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Oh, my.

PORTLAND – About two dozen women marched topless from Longfellow Square to Tommy’s Park this afternoon in an effort to erase what they see as a double standard on male and female nudity.

A group of women and men who had shed their tops march down a Congress Street sidewalk from Longfellow Square to Tommy’s Park. They were promoting the freedom of women to be topless in public. The group attracted many amateur and professional photographers.

The women, preceded and followed by several hundred boisterous and mostly male onlookers, many of them carrying cameras, stayed on the sidewalk because they hadn’t obtained a demonstration permit to walk in the street. About a thousand people gathered as the march passed through Monument Square, a mix of demonstrators, supporters, onlookers and those just out enjoying a warm and sunny early-spring day.

After the marchers reached Tommy’s Park in the Old Port, some turned around and walked back to Longfellow Square, but most stayed and mingled in the park. Some happily posed for pictures.

Police said there were no incidents and no arrests – nudity is illegal in Maine only if genitals are displayed.

Ty McDowell, who organized the march, said she was “enraged” by the turnout of men attracted to the demonstration. The purpose, she said, was for society to have the same reaction to a woman walking around topless as it does to men without shirts on.

However, McDowell said she plans to organize similar demonstrations in the future and said she would be more “aggressive” in discouraging oglers.

(I feel it’s a fair assumption that that the Mothe and Sistah had nothing to do with this biznay.)

Soooo…….. protesting to be able to do something which apparently is already legal, and then loudly griping that making a public spectacle out of oneself causes people to stare.

‘Kay.  Reminds me of the dear old days at the People’s Glorious Soviet of Middletown, where one could major in this kind of thing.

Ms. McDowell and her ilk are not, in fact, seeking any kind of “freedom” for themselves.  Ms. McDowell already is welcomed to take off her top in the middle of the street act like an idiot if she chooses.  What she wants is the ability to act like an idiot without anyone else being allowed to think that she’s acting like an idiot or, in this case, to enjoy her idiocy.  (How she expects to obtain such freedom – whether through legal fiat or just by wearing down generally accepted standards of behavior – is unclear.)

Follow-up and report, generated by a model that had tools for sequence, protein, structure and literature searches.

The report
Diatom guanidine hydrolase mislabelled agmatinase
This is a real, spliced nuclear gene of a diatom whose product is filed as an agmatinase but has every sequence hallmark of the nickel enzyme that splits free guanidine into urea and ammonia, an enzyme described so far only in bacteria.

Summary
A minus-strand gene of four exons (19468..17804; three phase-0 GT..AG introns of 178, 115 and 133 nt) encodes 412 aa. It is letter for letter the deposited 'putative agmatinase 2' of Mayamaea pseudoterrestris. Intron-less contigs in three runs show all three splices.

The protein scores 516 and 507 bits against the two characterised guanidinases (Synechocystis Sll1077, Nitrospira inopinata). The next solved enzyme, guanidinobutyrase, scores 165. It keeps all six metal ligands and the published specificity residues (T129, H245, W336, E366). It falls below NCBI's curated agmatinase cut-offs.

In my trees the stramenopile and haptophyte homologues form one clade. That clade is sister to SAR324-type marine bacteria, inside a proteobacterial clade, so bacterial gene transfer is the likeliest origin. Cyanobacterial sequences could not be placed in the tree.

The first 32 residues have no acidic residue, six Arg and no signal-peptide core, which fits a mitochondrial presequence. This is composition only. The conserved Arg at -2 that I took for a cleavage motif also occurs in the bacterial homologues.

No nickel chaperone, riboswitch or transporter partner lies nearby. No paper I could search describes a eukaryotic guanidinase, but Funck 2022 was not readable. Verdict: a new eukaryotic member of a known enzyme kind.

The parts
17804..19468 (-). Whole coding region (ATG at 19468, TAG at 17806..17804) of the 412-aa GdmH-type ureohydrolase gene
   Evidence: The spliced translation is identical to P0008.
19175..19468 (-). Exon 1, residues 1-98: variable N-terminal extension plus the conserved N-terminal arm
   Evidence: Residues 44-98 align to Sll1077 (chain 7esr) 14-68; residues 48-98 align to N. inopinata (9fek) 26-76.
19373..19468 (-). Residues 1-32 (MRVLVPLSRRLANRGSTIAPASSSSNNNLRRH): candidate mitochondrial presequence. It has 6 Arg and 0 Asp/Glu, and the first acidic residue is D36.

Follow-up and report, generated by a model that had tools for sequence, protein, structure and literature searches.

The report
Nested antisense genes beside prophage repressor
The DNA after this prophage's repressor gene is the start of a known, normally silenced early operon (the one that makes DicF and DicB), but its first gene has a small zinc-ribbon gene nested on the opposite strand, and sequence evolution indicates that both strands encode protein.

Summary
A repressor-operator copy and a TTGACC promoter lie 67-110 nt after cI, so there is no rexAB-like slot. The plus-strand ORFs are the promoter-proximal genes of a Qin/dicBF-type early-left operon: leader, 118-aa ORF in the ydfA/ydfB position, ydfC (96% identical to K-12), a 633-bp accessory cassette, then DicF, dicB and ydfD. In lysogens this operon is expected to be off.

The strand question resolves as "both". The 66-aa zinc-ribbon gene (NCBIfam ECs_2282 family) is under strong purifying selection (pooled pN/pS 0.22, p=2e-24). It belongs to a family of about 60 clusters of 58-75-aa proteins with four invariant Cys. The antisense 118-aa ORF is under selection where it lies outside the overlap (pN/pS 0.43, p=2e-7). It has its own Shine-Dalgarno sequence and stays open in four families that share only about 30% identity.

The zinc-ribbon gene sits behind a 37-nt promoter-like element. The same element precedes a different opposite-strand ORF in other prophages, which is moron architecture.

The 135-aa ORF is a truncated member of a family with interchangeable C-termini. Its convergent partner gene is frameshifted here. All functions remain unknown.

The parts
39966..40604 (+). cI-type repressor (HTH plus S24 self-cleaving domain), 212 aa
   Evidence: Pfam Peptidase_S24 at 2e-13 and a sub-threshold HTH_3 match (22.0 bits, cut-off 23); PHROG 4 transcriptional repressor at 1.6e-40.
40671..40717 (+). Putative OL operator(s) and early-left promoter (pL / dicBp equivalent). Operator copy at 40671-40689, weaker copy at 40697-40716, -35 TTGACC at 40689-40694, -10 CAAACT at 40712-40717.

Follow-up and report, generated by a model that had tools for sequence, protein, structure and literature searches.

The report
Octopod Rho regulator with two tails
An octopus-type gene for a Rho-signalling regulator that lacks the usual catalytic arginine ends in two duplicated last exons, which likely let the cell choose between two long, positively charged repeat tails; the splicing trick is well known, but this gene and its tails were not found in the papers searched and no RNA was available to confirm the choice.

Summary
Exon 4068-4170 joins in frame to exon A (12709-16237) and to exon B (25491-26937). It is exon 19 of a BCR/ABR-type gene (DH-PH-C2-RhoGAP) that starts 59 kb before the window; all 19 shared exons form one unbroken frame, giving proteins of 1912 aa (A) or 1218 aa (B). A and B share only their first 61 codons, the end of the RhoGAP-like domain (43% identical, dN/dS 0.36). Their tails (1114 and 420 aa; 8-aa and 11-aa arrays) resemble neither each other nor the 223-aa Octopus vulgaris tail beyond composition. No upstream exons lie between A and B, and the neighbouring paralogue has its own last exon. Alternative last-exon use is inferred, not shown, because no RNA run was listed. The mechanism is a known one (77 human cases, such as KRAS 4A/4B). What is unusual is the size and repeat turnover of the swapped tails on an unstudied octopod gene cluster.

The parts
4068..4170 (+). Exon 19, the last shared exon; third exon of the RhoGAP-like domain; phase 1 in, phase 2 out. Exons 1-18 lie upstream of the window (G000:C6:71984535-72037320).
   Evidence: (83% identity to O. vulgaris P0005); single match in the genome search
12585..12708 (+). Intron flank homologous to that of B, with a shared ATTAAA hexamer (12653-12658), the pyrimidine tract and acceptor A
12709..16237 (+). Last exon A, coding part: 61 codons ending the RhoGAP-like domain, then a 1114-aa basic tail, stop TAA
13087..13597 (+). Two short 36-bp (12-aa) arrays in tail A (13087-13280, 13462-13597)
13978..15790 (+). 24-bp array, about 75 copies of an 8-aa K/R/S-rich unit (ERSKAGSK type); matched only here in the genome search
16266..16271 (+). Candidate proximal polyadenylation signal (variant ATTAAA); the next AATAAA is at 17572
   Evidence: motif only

No doubt those “boisterous and mostly male onlookers” are eager to see how Ms. McDowell goes about being more “aggressive” in the future.

Well, Happy Easter to all of you, my fellow port-swillers!

Yes, our redemption has been celebrated, the fatted calf (or, in this case chicken) has been consumed, the tumult and the shouting have died and the captains and the kings have now departed.

Robbo is about ready to go back to bed.  Yawn.

Yesterday morning found the Family Robbo, together with my brother and his wife and three children, in the C&E scrum at RFEC.  (I had gone to the Easter Vigil Mass the night before.)  Most of the kids sat together, but when everything had been sorted out I found that the ten year old had inserted her person in between Mrs. R and Self.

This particular gel has been involved in yoot choir for three years now and is getting to be quite the pro at singing hymns.  Not only does she already know far more of them than I did at her age, she also has developed the knack for picking up tunes very quickly.  Even if you catch her out with the first verse, she can come back and finish gamely. Thus, it’s an absolute pleasure to share a hymnal with her.

One of the communion hymns served up yesterday was “Welcome Happy Morning“, which goes to the tune of Fortunatus by Sir Arthur Sullivan.  It’s a lively and, well, happy little piece of musick, especially when played at the jaunty tempo favored by our organist, and also when accompanied by trumpet and drum.   The gel and I were practically laughing with delight as we let it go, and I’ve been unable to get it out of my head since then.

(That’s one thing I’ve got to give the Palies over the RC’s – they know what they’re about when it comes to the matter of singing.  My RC parish choir and organist can run circles round the crew at RFEC, but among the pew-dwellers the talent is all in the other direction:  Where the Palies embrace St. Augustine’s dictum with gusto, the RC’s tend to mutter and murmur, especially as their organist usually leads them at what I consider to be a funerial pace.  I’ve never decided whether this has some theological basis or is just because the organist doesn’t think they can handle anything faster.)


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April 2010